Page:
Last week we were fortunate to receive a visit from small press publisher, teacher and artist Esther McManus. Esther will be teaching creative observational exercises on our fast approaching ‘Drawn to Nature’ workshop, so we thought it would both fun and wise to take a preliminary wander around the woods to search for inspiration, take field notes and discover signs as to which plants and creatures are likely to be awake on April 1st.
We found a whole host of slowly emerging shoots and leaves, studied patterns in decaying wood and felt the warm sun of the forth coming spring on our faces yet the chill breeze of a lingering winter around our ears and backs. Esther is infectiously inquisitive; using her eye for detail, colour and form - honed during the course of her creative work - to spot irregularities in plant growth and to find inspiration and curiosity in places that many would ignore. As Esther sketched, we provided ecological insights where we could whilst making notes of places we couldn’t so as to continue our learning back at home. One of the greatest joys of a nature walk is that we always find something new to enquire about.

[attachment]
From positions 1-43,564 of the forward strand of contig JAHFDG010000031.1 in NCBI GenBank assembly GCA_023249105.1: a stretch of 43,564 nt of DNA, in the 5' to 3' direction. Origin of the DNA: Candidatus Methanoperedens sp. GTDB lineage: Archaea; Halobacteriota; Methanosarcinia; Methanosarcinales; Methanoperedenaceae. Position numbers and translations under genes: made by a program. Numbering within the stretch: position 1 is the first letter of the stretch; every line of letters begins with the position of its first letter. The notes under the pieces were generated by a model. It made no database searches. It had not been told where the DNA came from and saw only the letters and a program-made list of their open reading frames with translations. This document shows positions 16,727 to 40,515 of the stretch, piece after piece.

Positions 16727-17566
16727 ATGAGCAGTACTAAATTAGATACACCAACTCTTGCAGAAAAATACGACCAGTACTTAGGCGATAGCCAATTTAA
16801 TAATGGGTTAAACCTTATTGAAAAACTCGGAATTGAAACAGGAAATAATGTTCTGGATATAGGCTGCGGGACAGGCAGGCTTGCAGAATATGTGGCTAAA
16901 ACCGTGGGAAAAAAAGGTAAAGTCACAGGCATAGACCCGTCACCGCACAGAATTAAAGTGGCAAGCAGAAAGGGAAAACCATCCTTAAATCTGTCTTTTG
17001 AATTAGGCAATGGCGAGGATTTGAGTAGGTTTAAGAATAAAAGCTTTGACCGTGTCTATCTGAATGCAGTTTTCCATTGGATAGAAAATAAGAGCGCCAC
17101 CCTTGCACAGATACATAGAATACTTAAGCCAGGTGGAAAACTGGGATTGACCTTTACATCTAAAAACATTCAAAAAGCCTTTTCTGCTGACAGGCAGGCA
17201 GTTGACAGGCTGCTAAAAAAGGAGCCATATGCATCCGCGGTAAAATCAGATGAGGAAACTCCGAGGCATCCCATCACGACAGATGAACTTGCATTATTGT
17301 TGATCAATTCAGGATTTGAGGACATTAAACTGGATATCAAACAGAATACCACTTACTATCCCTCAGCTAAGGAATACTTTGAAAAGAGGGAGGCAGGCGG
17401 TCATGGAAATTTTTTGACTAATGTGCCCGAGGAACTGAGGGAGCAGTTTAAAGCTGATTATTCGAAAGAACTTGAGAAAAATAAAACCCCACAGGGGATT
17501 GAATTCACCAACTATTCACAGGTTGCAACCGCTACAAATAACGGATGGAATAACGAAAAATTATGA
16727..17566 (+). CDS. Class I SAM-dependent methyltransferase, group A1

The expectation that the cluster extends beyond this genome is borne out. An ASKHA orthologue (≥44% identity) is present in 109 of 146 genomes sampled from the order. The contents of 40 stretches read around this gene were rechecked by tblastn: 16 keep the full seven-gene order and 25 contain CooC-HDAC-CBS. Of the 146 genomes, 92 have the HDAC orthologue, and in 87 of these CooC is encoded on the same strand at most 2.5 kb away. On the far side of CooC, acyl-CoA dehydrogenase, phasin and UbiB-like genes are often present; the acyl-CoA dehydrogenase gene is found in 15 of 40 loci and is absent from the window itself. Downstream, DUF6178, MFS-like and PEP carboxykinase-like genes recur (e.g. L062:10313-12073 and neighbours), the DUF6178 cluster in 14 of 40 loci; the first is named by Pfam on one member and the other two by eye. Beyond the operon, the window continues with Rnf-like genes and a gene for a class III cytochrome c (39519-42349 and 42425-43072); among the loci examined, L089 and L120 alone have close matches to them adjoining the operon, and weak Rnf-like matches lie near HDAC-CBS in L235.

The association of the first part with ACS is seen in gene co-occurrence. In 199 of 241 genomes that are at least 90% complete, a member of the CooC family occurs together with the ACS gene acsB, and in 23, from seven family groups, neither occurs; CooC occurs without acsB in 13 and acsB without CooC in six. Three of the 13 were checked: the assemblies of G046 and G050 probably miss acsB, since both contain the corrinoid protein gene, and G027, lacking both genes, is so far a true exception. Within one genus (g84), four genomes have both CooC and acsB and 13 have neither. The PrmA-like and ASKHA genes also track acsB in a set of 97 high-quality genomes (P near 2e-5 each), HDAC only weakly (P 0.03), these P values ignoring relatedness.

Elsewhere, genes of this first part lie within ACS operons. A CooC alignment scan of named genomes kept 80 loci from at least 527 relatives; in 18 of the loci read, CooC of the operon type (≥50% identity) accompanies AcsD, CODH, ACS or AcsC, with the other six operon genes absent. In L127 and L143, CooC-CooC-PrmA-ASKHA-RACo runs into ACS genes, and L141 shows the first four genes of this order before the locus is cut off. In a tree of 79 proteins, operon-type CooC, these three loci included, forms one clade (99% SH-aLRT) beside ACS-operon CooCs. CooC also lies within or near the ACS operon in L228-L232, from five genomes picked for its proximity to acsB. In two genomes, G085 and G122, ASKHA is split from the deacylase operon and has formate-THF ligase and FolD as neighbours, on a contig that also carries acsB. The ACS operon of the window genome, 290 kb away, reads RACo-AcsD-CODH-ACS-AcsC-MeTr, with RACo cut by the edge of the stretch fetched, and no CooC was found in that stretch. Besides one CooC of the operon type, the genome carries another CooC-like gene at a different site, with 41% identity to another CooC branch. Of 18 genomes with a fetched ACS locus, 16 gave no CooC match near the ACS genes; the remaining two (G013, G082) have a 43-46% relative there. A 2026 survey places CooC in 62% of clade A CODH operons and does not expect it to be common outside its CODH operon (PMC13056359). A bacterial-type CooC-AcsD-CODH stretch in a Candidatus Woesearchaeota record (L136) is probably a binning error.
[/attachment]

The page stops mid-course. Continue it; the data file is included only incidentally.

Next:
Our original interest in nature and subsequent quest for knowledge is rooted simply in appreciating the aesthetic value of the natural world and great outdoors. This is a great place to start a reconnection with nature, so we couldn’t be more excited about sharing some of nature’s secrets combined with Esther’s creative way of seeing and thinking on our workshop this spring.
Perhaps if more people were able to notice the beauty inherent in even the least conspicuous wild flower, or could find interest in the subtle patterns and shapes created by natural forces, we would find it easier to give wild places value and learn to cherish the outdoors as the irreplaceable treasure it is.
Take a look at our Workshop page for more details on ‘Drawn to Nature’. We hope to see you there!
“Our ability to perceive quality in nature begins, as in art, with the pretty. It expands through successive stages of the beautiful to values as yet uncaptured by language.” Aldo Leopold